Alastair Borthwick – a Scottish author and broadcaster was born on February 17, 1913 in Rutherglen. He attended Glasgow High School. Though not tailored out for school, he dropped out at 16years to work for a newspaper company – Evening Times. He later moved to Glasgow Herald where he worked transcribing information from telephone calls made by correspondents. Things worked out to his favor and he became an editor. Later on he became the intelligence officer at Glasgow Herald.
A former veteran soldier, Borthwick had a passion in writing. He believed in jotting down every piece of words that inspired him or crossed his mind as relevant and substantial. This saw him move on with his wife to a much serene environment after the war. The former soldier later on wrote and published a battalion history of how the war was breathing life in every bit of using his words.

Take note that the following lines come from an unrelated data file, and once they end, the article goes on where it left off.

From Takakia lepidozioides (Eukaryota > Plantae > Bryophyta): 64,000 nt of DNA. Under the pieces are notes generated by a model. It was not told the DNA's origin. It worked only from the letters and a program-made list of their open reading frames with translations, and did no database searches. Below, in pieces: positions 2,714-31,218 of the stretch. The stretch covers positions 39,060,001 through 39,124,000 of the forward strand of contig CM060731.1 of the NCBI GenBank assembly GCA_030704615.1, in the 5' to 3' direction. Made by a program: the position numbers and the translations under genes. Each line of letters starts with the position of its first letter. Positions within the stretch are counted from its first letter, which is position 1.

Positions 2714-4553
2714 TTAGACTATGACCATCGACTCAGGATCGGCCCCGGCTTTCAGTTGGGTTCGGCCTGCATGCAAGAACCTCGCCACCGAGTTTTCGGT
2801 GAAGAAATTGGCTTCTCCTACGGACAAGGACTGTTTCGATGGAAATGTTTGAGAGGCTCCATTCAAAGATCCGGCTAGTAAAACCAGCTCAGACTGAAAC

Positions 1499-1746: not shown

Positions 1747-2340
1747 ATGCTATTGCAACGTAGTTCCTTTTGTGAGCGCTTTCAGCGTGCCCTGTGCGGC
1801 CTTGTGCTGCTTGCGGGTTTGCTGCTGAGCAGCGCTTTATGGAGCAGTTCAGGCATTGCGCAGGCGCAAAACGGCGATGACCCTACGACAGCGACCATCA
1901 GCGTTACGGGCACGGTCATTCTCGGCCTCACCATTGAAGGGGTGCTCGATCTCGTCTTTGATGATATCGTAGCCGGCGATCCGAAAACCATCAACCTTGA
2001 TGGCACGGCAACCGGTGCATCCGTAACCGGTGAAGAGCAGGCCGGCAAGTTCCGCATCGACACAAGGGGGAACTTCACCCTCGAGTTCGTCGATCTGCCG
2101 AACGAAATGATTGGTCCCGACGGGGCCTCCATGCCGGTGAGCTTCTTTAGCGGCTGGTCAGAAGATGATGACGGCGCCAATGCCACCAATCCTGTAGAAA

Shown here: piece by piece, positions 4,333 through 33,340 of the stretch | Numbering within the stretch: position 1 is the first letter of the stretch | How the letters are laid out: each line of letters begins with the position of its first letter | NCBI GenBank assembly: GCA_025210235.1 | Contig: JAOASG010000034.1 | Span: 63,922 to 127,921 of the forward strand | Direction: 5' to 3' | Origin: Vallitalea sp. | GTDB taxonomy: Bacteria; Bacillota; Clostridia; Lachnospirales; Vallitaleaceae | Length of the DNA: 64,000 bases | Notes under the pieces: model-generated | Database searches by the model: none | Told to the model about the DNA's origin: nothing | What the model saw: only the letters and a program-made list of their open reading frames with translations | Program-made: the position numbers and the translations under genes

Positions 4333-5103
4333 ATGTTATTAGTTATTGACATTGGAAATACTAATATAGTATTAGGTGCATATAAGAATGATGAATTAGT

Borthwick continued writing and even used to compose weekly columns for newspapers and television scripts. He termed himself as a natural fit and without a doubt he was. Full of talent with a rich personality that enchanted not only his countrymen, but readers at large.
In his solitude he got amused by his surrounding residence and how it’s inhabitants enjoyed strolling the hills during their free time. He found it adventurous and refreshing to synchronize with nature at a time when such activities were only seen as for the wealthy.
He is a famous author who brought life to his words vividly especially in his well known book – Always A Little Further. He talks of his time in battle and the whole uprisings before it. He mentions both the rosy and ugly sides of his journey believing that they all played an important role.
Alastair will be remembered for his skill and warm welcoming heart. An authoritative author of his kind is one sure to rank up among the hall of famers. He was laid back and full of life. Not forgetting his words that could bring up images in the atmosphere. He died at the age of 90 years but having fulfilled his course on earth – write in people’s hearts.